If you base at Sunday just goes up the neck and decides to just be fragile, when, in a car with someone, that's a pretty intimate environment, its ripe for awkward interaction and- for me, divorce song. The entire thing is about that tension in that kind of you're. Looking at him he's looking at you you're both having totally different thoughts about each other and yet you're like in the small confined space together. I had a fatalist view of love. At that point, I felt like things and fell apart, and it was hard to keep a relationship together. Divorce song is really about micro moments where you really want something to work out, but you find your mouth speaking words as if it's not going to like you, dare not hope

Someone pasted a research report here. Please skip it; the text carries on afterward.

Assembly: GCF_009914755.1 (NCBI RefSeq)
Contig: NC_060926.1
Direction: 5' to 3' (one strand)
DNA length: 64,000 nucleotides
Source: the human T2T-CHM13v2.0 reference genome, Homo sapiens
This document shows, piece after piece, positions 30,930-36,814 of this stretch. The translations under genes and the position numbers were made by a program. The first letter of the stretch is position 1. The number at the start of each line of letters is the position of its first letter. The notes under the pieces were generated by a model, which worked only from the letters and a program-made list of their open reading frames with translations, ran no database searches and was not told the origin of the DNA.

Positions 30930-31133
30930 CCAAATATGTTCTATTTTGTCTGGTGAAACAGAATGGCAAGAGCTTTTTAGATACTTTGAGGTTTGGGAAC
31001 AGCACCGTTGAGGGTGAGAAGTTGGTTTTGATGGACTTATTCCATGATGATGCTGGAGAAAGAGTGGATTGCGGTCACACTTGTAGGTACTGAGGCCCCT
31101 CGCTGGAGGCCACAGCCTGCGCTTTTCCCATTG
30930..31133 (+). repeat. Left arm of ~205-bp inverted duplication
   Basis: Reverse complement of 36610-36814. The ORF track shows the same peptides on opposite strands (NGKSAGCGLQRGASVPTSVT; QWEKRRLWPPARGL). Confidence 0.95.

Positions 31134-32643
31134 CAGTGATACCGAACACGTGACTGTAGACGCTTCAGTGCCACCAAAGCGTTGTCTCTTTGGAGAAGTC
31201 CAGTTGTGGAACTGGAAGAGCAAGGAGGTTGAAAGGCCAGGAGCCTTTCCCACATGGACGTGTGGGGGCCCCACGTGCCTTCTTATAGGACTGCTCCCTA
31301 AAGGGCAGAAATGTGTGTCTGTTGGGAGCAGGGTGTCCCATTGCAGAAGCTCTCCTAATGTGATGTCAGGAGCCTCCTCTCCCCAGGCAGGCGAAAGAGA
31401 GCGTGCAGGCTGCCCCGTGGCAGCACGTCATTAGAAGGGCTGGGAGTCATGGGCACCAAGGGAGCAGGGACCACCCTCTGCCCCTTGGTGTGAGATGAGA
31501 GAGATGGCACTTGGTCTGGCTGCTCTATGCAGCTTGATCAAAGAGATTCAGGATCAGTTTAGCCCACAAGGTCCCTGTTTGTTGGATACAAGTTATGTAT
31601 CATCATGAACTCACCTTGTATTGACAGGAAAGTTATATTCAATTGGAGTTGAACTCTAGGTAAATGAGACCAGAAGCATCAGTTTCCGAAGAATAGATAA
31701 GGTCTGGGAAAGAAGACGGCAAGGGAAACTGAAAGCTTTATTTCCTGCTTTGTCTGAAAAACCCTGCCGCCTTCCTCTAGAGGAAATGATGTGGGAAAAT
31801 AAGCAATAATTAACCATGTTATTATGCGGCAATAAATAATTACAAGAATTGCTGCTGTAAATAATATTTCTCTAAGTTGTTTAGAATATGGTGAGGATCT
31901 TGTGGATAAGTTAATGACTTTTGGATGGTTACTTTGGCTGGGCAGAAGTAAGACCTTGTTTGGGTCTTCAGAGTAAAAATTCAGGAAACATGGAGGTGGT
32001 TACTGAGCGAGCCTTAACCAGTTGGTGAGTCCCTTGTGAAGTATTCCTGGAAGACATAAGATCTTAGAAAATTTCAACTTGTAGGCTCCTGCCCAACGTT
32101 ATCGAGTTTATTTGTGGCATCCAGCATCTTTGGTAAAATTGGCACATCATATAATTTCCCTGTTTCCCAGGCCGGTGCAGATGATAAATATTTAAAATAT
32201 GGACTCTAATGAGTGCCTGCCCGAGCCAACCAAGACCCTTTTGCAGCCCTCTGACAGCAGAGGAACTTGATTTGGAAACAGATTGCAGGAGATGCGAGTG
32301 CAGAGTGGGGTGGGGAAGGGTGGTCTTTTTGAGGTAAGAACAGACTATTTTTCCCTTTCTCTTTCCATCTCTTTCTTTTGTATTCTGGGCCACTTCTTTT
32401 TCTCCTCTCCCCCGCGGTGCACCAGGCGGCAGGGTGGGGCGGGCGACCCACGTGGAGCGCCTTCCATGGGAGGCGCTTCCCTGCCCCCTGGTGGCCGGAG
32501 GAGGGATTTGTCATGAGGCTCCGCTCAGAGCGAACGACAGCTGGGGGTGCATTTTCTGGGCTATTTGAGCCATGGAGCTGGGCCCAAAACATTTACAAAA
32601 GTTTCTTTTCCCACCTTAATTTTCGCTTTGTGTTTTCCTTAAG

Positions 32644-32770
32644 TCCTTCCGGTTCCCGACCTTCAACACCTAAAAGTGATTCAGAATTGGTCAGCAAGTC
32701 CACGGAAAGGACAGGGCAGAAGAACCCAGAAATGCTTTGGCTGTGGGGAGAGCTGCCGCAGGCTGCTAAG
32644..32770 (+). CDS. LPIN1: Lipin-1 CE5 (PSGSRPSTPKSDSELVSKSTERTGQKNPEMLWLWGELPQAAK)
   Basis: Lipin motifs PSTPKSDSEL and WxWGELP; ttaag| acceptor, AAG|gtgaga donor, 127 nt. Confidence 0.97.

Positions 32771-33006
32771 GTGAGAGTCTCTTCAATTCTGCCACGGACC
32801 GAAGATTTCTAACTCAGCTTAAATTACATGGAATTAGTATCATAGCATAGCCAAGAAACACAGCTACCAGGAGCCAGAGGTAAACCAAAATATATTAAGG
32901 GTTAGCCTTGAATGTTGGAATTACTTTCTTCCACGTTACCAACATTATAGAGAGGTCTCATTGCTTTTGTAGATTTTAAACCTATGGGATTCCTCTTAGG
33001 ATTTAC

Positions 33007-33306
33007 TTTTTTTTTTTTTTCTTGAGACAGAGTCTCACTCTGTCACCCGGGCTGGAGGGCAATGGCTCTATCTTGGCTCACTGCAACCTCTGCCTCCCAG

and you have these like sensitive feelings for someone and yet you're sort of outwardly convincing yourself, and I won't round you that is probably not work out. It doesn't really matter. I do. make these songs to start a career. I made these songs because there are my way of understanding the world they were. My there'll, be a male here's divorce song by lose their
in its entirety and were ass ever and waving drivers hours, border rasta live just to prove their brains and lovers. They do still size it ass, the man when he said that there have been very sad. I've been very many men. Accuse me forget it lies in the german sagessa waste. It's never maybe I'll be visit. Song